That was another reason I think I ended up liking the book – Although I think authors go a little overboard on the “popular” stereotypes, there’s a reason they’re stereotypes: They’re true. I saw a lot of girls from my high school in Paige, Nikki, and Lacey. I wouldn’t go as far as matching outfits (Please. Only Mean Girls do that, am I right?) but the partying, parents who actually provided the kids with alcohol (like in the book how Paige’s mother practically encourages her to drink to stay popular), the annoying but popular jock boyfriend – ALL of these existed at my high school. Although I never understood these kids and didn’t hang around with them, it all really did happen, scandals and all. I’m sure if I put some of the things that DID happen in my high school, it wouldn’t even sound believable so yes, I get it. I was completely baffled by the fact that these girls got in a car accident caused by drunk driving and they were still popular. RIGHT?! But then I thought back when I was 17 or 18 when a girl at my high school hit a guy on a motorcycle because she was high and he ended up dying and somehow (I don’t really know how) as far as the general public knew, she was punished to the point that I knew about it and she went back to school and her group of friends and her social status like nothing ever happened. It’s just as baffling in real life as it is in a book, I guess.
I do think though, that for the sake of sounding believable, there were a few too many issues all crammed in the book at one time. I felt like the book could have been a bit more focused on one issue or another and it still would have had a very moving and poignant message. There was a bit much all crammed together and although I still enjoyed the book, it was kind of “Shock and Awe” that really grabbed me, I think.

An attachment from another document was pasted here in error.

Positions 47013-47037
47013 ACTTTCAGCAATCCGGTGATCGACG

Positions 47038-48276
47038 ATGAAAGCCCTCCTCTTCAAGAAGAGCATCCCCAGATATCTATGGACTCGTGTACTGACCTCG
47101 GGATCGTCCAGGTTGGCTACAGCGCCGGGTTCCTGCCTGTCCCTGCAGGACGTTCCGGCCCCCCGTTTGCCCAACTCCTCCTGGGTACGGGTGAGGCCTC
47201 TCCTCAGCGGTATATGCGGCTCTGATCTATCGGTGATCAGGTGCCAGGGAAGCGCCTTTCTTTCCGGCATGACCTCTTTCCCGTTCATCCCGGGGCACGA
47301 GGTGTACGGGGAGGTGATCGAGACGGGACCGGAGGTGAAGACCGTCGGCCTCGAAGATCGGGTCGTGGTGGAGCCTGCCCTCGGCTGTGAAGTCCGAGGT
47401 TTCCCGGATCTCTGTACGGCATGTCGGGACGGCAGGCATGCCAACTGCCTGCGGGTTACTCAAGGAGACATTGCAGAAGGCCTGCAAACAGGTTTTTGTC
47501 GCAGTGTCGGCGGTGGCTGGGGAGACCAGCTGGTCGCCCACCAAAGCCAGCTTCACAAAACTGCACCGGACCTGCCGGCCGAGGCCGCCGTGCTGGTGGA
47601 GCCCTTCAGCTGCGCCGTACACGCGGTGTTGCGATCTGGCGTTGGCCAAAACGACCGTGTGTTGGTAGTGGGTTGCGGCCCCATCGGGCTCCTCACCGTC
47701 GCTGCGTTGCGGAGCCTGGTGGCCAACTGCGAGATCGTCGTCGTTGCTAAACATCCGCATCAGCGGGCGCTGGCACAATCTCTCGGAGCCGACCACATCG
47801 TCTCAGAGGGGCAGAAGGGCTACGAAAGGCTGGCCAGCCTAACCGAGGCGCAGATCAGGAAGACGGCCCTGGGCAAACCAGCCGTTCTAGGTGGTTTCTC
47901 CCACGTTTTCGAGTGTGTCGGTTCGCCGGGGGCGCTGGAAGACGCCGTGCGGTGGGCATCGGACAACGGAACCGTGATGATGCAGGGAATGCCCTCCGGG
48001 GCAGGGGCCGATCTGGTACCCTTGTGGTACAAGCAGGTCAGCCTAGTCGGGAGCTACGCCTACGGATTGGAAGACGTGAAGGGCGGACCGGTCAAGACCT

Paige: Paige is a difficult character to talk about. I hate the “popular” thing (see? I even have to put it in quotes) and I just don’t like reading about that focus. She was extremely shallow at times and there was literally one point in the book where I threatened to punch her in the face because I was SO MAD at her. I guess it’s hard to let go of your old life, but she just went back and forth and back and forth… With Paige as the MC, I can totally see why people ended up not liking the book. I’m glad I came out on the other side appreciating the story.
Jake: Jake was a laughable boyfriend. God, what a weird story line with him involved. Is he cheating on Paige with Lacey? Is he crazy? Is he violent? So many weird questions, some of which I felt didn’t quite get resolved. He’s definitely one of those characters created so you’re destined to root for the Other Guy. Speaking of which…
Ethan: I loved Ethan. He was like one of those guys that I would just totally be friends with. I know he was portrayed as somewhat “weird” in the book and what’s funny is that in high school, I guess I would have seen it as a little weird and as an adult THAT’S EXACTLY HOW I ACT. God, I hate high school sometimes.
Lacey: God, what the hell was up with Lacey? I don’t know if you’re supposed to like her in the end, but I just really, truly hated her. She was a Mean Girl for sure!
Nikki: Nikki was kind of a throwaway character for me. She really was a character with little substance. She went from shallow to series and kept swinging back and forth. I hardly knew what to think of her.
It was a good read for me but I also did have some issues with it. I can totally understand why people were all over the board with ratings but I still enjoyed it.